March 3, 2011

Favorite Annuals

With spring right around the corner I've been dreaming about the warmth of summer and the delightful pastime of gardening.

Since I'm a full fledged Flower Freak, and proud of it, I thought it would be fun to start a series of garden related posts about my favorite plants.

Here is what I have planned:

Post #1:  Annuals
Post #2:  Perennials
Post #3:  Shrubs
Post #4:  Bulbs and Edibles
Post #5:  Best of the Best

My hope is to introduce my current favorites in each category, explain why I like them so much and let you know how I use them in the garden.

Are you with me?  Alright - - Let's talk Annuals . . . .

#1:  Zinnia's

Zinnia's are excellent for a cutting garden.  They range in size and color and the best thing about them is the more you pick and more you get.  My girls love them and are constantly picking them.  I fill two 4 X 8 foot beds with them.   I prefer the white, pale pink and "Envy" varieties (lime green color) which I place in one bed.  In the remaining bed I let the girls pick out and plant their own.  We sow them directly into the soil in early May and by mid June they are in full bloom.

#2:  Annual Salvia

I discovered this plant two years ago and it quickly became a favorite.  It gives off a great scent, require very low maintenance and lasts for weeks when picked for arrangements.   It comes in three different colors - pale purple, dark purple and white.  I prefer the pale purple like the ones above.  I have tried the white without much luck - they stayed spindly looking all summer. 

Annual Salvia looks best clumped together in groups of five or more.  I use them all throughout my garden and in the cutting garden.  I love them in front of my white fence in the front yard.

The only complaint I have about them is that they seem to take a so long to get going.  I purchase them at my local garden center in May and they limp along until July when they start flowering like crazy until the frost gets them in October!  So if your patient annual saliva is worth the wait.

#3:  Impatiens

For years I resisted Impatiens, viewing them as over used everywhere I looked.  Out of pure desperation to brighten up a shady spot in my front yard I buckled and picked up just enough to fill one pot.   That's when I discovered they are used so much for a reason.  This is one tough little plant that flowers like crazy and is super low maintenance.  Plus they grow in the shade - all summer long - which is hard to come by.  They can take the heat and humidity of a Minnesota August and bounce back from drought conditions is a heartbeat.  Last year after a unseasonable hot week without rain I came home from a camping trip to find them looking beyond help - flat, hanging down the sides of their pot, looking like they were toast - I decided to give them a little water and see what happened.  Amazingly, within a couple hours they looked as if I had just planted them.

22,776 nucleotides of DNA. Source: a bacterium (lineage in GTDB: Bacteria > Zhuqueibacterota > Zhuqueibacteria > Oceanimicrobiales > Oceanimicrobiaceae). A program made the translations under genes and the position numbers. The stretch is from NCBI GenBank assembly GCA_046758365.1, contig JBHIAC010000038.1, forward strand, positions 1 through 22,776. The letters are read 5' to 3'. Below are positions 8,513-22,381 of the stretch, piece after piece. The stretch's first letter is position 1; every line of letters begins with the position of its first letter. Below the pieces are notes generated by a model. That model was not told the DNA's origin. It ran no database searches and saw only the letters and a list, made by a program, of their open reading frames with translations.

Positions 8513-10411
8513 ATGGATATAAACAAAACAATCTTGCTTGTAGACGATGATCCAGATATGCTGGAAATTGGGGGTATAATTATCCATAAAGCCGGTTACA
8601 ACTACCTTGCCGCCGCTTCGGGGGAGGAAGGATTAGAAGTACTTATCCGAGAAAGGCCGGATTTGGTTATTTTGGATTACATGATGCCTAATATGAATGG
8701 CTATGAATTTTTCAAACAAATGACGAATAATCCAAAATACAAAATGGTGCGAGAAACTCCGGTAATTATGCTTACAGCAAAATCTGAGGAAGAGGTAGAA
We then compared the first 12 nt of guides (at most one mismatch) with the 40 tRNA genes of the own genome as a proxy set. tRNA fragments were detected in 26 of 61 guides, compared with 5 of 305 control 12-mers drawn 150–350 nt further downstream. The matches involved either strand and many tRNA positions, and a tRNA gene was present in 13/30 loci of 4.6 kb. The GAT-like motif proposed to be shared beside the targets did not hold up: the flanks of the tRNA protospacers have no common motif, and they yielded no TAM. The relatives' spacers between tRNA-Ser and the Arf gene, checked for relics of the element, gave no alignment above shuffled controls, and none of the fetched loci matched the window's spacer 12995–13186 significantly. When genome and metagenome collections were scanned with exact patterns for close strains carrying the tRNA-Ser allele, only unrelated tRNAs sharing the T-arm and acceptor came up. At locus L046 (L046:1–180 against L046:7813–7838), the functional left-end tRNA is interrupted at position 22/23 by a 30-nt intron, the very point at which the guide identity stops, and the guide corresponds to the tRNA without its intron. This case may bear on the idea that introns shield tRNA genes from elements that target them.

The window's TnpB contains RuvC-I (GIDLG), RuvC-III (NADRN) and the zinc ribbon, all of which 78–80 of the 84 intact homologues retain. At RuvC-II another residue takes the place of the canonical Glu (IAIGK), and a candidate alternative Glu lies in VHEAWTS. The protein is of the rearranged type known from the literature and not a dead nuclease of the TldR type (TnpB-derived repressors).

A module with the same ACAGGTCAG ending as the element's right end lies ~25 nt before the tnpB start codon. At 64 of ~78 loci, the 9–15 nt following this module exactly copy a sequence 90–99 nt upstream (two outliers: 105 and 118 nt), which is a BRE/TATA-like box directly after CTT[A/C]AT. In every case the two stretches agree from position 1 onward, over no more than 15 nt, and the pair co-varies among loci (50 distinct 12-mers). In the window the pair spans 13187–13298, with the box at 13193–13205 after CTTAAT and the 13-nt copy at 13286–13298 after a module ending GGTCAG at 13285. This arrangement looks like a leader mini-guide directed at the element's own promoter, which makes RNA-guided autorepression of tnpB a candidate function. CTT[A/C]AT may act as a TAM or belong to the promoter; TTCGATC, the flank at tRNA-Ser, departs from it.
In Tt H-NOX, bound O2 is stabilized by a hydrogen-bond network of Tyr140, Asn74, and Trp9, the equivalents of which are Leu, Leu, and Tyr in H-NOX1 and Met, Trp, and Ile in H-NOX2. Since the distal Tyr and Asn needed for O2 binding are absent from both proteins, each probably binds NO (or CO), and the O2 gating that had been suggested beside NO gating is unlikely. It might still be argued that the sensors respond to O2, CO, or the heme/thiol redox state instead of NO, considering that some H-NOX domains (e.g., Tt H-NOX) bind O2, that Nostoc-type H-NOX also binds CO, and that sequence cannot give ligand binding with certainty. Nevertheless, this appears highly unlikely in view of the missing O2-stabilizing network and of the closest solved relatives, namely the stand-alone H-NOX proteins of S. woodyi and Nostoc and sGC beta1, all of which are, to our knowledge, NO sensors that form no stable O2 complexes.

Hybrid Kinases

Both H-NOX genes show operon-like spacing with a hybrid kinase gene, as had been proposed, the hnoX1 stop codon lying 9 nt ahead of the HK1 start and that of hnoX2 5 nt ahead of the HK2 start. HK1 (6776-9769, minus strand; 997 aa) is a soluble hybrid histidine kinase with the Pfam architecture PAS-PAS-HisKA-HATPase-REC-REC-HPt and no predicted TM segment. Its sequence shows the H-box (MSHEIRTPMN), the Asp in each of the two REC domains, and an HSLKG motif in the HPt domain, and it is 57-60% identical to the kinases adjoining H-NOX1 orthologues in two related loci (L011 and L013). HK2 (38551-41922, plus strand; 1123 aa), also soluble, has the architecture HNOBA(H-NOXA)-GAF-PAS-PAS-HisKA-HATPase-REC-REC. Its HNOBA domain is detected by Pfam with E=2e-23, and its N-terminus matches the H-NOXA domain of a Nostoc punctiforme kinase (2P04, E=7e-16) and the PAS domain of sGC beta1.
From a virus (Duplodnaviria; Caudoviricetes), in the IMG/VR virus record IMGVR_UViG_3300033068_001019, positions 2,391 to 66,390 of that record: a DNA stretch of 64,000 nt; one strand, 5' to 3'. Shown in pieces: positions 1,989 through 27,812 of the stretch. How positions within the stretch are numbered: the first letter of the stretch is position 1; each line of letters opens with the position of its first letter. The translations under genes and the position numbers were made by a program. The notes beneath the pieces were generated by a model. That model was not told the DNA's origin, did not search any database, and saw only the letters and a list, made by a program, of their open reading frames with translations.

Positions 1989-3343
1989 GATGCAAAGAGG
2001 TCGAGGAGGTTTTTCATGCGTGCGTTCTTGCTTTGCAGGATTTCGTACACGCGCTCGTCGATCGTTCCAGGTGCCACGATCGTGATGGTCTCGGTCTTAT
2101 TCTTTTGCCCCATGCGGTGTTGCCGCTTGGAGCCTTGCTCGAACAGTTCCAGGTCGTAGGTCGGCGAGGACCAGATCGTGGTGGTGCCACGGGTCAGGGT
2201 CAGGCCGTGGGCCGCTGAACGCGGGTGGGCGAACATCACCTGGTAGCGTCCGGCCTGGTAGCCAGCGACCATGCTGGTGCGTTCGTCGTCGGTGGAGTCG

I prefer to grow them in pots.  I have tried them directly in the garden beds without much success.  My favorite shade is a pale white with pink centers.  Three - four packs fill in a large sized planter very nicely,  giving a lush full look.

#4:  Dahlia

Technically a bulb I never get them dug up in the fall before the frost gets them so I treat them as annuals.  Ranging in size from dinner plate to one inch, Dalia's are a drop dead gorgeous flower.  I have found the rabbits and grubs tend to like them as much as I do, so a little extra care is needed.

I prefer the yellow, pink and two-toned varieties like the one above.  In the cutting garden I grow the larger dinner plate size.  I also group the smaller 12" tall type in both my front yard garden and back yard gardens.  I pick them up in the annual section of my local garden store.  The color is normally a mixer of yellow, pink and coral.  Deadheading keeps them blooming from planting time in May until a deep frost.

#5:  Dianthus

I love Dianthus for the simple fact that they start blooming so quickly in the spring.  By June they are in full bloom when not much else is here in Minnesota.  Technically an annual, mine have been coming back for the past five years.